(Adds Treasury Department comment, paragraph 6)
By Eric Beech
WASHINGTON (Reuters) - The U.S. government lost $11.2 billion on its bailout of General Motors Co, more than the $10.3 billion the Treasury Department estimated when it sold its remaining GM shares in December, according to a government report released on Wednesday.
The $11.2 billion loss includes a write-off in March of the government’s remaining $826 million investment in “old” GM, the quarterly report by a Treasury watchdog said.
The U.S. government spent about $50 billion to bail out GM. As a result of the company’s 2009 bankruptcy, the government’s investment was converted to a 61 percent equity stake in the Detroit-based automaker, plus preferred shares and a loan.
Treasury whittled down its GM stake through a series of stock sales starting in November 2010, with the remaining shares sold on Dec. 9, 2013.
At the time of the December sale, Treasury put the total loss at $10.3 billion but said it did not expect any significant proceeds from its remaining $826 million investment in “old” GM, the report by the Office of the Special Inspector General for the Troubled Asset Relief Program said.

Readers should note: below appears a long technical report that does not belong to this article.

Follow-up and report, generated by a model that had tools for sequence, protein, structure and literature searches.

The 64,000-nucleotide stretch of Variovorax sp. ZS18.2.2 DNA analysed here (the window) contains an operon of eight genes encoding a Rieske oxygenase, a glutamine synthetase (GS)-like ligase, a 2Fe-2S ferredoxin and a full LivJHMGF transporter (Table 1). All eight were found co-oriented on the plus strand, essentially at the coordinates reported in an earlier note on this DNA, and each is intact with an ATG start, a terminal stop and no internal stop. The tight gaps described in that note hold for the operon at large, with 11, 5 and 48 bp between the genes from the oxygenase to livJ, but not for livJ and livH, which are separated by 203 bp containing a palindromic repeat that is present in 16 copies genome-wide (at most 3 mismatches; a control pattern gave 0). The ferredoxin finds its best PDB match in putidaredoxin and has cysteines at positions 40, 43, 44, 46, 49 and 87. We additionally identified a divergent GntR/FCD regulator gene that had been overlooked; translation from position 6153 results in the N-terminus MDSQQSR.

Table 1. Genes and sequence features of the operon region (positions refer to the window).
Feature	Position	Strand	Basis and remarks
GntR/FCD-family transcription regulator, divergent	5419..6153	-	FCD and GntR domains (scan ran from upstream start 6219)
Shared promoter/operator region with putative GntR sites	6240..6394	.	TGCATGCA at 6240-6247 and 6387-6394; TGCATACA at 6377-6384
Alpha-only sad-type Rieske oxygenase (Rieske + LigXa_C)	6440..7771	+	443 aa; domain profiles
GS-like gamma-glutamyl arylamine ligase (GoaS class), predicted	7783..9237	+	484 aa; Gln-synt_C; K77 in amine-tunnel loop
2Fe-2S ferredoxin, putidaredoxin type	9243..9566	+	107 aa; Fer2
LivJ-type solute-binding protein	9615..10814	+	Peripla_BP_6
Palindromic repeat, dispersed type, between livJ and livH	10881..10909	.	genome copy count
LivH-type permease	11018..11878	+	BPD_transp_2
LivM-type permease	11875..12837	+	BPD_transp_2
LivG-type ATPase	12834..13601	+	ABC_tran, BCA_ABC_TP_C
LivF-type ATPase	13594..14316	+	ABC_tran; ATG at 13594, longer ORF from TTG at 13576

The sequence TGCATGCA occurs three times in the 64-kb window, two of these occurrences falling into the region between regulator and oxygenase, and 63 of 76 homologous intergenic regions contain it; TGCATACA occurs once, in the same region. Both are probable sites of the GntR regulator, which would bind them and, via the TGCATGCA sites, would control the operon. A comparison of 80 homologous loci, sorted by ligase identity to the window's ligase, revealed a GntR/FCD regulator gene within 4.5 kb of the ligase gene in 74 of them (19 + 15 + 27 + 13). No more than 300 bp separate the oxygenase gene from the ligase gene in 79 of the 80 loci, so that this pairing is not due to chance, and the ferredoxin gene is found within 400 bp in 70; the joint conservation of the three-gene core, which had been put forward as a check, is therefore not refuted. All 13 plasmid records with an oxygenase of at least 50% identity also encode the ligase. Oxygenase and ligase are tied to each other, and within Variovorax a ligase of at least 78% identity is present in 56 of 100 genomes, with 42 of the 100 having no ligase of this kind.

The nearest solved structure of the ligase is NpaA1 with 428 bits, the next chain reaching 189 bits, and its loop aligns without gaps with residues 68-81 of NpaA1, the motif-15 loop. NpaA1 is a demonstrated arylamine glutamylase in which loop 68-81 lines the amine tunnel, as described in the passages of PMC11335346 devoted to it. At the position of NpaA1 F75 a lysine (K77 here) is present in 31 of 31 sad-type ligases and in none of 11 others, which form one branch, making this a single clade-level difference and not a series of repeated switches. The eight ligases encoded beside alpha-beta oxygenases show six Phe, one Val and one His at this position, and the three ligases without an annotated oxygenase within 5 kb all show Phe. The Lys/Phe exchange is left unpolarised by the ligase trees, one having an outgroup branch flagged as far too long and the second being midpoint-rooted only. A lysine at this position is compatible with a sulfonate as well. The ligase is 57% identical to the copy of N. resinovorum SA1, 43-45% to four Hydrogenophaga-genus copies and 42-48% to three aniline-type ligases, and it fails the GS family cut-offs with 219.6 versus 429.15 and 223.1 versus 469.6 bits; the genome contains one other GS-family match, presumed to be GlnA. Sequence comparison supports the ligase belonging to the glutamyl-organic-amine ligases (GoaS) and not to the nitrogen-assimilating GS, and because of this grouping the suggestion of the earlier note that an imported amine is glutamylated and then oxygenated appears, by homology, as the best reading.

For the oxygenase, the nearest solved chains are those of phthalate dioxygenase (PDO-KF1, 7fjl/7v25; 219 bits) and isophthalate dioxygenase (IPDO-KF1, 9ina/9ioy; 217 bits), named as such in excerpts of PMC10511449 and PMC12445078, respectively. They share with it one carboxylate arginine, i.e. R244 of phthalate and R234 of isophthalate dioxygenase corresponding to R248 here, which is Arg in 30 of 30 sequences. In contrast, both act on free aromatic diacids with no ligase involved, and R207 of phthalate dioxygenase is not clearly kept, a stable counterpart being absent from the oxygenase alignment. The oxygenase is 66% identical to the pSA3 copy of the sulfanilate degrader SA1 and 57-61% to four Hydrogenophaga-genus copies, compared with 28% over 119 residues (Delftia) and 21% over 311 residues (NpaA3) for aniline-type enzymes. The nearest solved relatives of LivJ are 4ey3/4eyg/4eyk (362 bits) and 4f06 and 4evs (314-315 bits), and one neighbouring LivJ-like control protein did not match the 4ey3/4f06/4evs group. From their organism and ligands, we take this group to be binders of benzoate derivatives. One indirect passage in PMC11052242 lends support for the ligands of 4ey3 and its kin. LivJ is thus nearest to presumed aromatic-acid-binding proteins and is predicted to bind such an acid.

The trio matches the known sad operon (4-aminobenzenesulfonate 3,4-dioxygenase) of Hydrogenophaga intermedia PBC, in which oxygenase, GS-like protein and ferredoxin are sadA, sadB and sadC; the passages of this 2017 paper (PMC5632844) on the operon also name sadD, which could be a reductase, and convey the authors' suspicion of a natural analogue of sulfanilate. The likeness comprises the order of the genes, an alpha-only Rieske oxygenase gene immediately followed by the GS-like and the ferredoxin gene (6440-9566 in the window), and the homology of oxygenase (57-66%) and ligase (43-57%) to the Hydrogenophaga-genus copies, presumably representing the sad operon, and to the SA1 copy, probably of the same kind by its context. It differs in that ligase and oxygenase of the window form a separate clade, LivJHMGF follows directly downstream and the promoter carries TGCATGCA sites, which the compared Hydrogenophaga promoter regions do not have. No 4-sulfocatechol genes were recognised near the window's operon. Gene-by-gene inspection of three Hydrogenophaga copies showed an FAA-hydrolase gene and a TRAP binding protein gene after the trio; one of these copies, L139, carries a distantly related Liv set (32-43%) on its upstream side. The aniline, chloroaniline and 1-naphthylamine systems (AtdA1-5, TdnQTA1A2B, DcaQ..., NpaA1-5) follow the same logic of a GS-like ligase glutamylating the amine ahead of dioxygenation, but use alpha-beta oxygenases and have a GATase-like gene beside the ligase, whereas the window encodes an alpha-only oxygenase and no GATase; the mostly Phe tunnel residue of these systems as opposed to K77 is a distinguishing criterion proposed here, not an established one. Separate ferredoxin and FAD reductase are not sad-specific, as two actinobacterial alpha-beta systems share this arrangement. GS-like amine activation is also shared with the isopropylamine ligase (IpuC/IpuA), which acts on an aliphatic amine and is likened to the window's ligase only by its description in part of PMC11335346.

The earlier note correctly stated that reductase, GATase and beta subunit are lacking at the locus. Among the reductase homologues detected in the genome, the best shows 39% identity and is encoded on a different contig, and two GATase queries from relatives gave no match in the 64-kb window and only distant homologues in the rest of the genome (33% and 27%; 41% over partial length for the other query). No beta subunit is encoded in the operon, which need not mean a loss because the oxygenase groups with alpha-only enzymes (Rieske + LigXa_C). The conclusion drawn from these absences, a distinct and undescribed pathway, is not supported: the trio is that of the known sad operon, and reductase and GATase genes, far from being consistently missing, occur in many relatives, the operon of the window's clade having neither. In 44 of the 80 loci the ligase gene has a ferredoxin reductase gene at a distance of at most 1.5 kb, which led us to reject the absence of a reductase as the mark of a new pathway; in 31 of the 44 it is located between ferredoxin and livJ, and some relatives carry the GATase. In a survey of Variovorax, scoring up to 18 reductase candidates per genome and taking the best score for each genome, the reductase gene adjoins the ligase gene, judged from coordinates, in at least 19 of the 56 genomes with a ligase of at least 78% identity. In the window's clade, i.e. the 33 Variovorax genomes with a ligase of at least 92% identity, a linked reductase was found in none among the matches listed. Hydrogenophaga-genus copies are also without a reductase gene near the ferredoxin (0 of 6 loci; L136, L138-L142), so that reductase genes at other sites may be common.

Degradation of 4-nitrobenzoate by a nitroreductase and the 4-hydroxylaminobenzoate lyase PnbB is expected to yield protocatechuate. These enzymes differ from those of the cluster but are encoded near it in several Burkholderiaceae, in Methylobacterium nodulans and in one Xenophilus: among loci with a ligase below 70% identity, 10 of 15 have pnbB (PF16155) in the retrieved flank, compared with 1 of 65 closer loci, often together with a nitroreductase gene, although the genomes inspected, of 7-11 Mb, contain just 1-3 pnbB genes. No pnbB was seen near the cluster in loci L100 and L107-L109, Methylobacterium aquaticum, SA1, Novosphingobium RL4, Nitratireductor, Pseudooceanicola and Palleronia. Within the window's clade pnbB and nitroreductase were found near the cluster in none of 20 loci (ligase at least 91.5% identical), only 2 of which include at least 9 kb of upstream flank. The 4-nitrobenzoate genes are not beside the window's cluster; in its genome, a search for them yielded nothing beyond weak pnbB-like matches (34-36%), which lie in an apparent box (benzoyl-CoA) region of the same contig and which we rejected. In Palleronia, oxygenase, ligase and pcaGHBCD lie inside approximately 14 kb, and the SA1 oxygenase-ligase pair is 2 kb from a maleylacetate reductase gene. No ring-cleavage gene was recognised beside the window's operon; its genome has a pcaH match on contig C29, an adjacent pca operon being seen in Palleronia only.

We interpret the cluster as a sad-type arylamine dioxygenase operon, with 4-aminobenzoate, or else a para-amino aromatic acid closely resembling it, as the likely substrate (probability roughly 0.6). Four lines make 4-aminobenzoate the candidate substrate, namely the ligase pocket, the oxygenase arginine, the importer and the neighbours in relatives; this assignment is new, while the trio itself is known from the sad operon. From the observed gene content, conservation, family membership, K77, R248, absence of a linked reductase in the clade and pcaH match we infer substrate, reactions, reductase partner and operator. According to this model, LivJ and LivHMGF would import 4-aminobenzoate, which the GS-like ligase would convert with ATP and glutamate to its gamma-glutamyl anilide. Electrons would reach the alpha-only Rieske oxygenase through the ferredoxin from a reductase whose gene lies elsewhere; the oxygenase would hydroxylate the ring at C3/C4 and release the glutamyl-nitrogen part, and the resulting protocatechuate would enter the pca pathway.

“The goal of Treasury’s investment in GM was never to make a profit, but to help save the American auto industry, and by any measure that effort was successful,” Treasury Department spokesman Adam Hodge said.
The U.S. bailout of GM and Chrysler, which received about $12.5 billion, saved 1.5 million jobs in the United States, according to the Center for Automotive Research.
Last week, GM posted its 17th consecutive profitable quarter. Earnings, however, were hurt by a $1.3 billion charge for the costs of various recalls, including for faulty ignition switches on 2.6 million cars.
GM is under investigation by the Justice Department, U.S. auto safety regulators and Congress over its failure to detect the faulty ignition switch for over a decade. The U.S. Securities and Exchange Commission is also investigating GM. (Reporting by Eric Beech; Editing by Matthew Lewis and Peter Cooney)